How many solar panels do I need to power my home?
The number of solar panels you need to power your home will depend on your energy requirements.
The most common/ popular setup is a 5kW solar system. They require 16 panels to be placed on a north-facing roof.
Below are some insights into choosing the right system for your needs by answering some of the common doubts and questions you might have.
To calculate the number of panels, you need first you need to determine your energy requirements.
Look at your power bill and determine your daily power usage.
1. Take your monthly electricity bill and divide it by 30 to get your daily usage.
2. Look at the table below to see the size of the system you will need.
What Is The Most Popular Solar System Size?
Solar power generation systems come in different sizes starting from 1.5kW to 5kW and even 10kW systems. The most popular system is a 5 kW system and will suit a medium-family home with 3-5 members. It is even capable of delivering this during winter months when you receive a lesser number of daylight hours.
The cost of installing such a system would be in the range of $4,500 – $7000.
Return On Investment: Based on the savings you’d have on your monthly energy bills the system you will be able to recover your investments in 4-5 years.
Is it still worth installing solar panels on my home?
There are a few reasons that are driving people towards solar energy across Australia. First is off is the rapidly rising cost of energy. Most of Australia’s energy companies are foreign-owned, and as soon as they were sold off over a decade ago, the prices started to rise.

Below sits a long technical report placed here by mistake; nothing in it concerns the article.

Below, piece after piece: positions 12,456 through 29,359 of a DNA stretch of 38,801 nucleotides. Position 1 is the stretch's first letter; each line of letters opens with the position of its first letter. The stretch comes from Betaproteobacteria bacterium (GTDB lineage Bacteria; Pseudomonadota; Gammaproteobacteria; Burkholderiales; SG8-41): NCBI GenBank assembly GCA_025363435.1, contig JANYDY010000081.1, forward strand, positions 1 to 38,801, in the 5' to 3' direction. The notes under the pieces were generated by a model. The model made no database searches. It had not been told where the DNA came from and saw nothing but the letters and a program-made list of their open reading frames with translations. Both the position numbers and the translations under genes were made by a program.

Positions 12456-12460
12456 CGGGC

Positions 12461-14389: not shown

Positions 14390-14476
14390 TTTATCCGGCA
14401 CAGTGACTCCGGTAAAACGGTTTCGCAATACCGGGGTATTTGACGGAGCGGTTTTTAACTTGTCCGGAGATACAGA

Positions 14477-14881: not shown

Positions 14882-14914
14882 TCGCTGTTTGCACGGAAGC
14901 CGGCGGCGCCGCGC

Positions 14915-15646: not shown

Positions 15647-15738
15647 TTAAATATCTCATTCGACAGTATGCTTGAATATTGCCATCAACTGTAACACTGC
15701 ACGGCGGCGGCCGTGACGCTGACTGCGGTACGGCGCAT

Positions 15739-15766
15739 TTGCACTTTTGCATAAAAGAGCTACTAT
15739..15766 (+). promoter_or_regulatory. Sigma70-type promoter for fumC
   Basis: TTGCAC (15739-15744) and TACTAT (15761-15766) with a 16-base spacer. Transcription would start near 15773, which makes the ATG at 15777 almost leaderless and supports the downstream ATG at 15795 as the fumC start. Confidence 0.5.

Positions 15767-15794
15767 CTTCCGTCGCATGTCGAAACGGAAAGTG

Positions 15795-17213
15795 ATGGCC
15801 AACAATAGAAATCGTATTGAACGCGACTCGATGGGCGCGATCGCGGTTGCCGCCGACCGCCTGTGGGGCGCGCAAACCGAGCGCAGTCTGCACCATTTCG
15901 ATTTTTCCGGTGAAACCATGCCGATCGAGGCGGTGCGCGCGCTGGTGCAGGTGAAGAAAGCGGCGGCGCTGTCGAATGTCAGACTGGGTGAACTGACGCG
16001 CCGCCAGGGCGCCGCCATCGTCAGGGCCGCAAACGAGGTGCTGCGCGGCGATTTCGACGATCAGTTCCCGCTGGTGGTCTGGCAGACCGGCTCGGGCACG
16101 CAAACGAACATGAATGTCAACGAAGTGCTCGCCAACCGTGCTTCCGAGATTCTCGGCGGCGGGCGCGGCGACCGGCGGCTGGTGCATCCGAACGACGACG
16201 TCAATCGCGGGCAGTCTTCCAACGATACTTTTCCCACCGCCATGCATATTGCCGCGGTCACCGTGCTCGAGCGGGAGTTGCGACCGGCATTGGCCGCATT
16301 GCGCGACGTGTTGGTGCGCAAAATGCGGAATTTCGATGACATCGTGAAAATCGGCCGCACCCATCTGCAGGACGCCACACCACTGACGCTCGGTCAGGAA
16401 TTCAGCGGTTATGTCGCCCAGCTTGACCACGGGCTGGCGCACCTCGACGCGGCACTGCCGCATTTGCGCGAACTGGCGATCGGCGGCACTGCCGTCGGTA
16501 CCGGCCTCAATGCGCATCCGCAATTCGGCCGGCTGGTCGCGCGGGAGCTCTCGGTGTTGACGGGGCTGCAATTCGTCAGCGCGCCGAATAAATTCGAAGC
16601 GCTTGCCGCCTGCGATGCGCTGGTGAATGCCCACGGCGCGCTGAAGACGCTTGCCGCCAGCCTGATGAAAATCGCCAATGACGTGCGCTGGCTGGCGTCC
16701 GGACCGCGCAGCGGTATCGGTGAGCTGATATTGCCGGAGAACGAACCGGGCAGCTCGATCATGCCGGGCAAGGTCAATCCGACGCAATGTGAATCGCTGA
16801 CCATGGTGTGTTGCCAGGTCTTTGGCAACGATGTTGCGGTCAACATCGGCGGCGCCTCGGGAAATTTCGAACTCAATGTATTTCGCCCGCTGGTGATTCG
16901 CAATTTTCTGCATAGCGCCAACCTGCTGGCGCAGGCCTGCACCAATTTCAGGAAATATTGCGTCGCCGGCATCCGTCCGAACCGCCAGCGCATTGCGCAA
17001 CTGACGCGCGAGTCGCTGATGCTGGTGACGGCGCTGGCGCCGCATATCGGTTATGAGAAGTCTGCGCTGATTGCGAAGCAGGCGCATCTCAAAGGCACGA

The second reason is the very generous rebate most state governments are offering people to install solar. You will save 40 – 50% off installation costs of what other residents are paying in the United States and Germany due to our Awesome government incentives.
Another big one is property value and investment purposes. Just by having a solar system installed (worth about $5,500) adds an average of $29,000 to the value of your home.
The fact that homeowners are seeing the solar system pay for itself in 3-4 years on average means the ROI is even worth it in the long term even if you don’t plan on selling.
Of course, environmental factors such as global warming and people wanting to reduce their carbon footprint also play a role.
What Is The Solar Power Calculation Formula?
To calculate your solar power requirements you can use the below formula –
kWh per month / (Average sunlight per day x 30) = kW solar system
If you’re using 600 kWh per month and reside in an area that gets an average of 5 hours of sunlight per day we come down to a calculation of 600/(5×30) which is 4.00 kW. You should also take into account different kinds of losses which include –
• Battery (Conversion Loss)
• Cables (Transfer Loss)
• Inverter (Conversion Loss)
On average, you can factor in about 20% energy loss due to these three factors and hence if you are looking to generate 4.00 kW of power you need to target a 5.00 kW system.
There are a few other calculations you need to make and now take a look at some of them.
Inverter / UPS
Ideally, you should invest in an inverter that can accommodate more than 25% of your present load considering future needs. Let’s take an example of 2000 watts load.
You will need an inverter 2000 + 2000 x (25/100) = 2500 Watts
If you are going to install 24V, 100Ah batteries the calculation would come to –
24V x 100Ah = 2000 Wh
2000 Wh / 2500 W = 48 minutes of backup time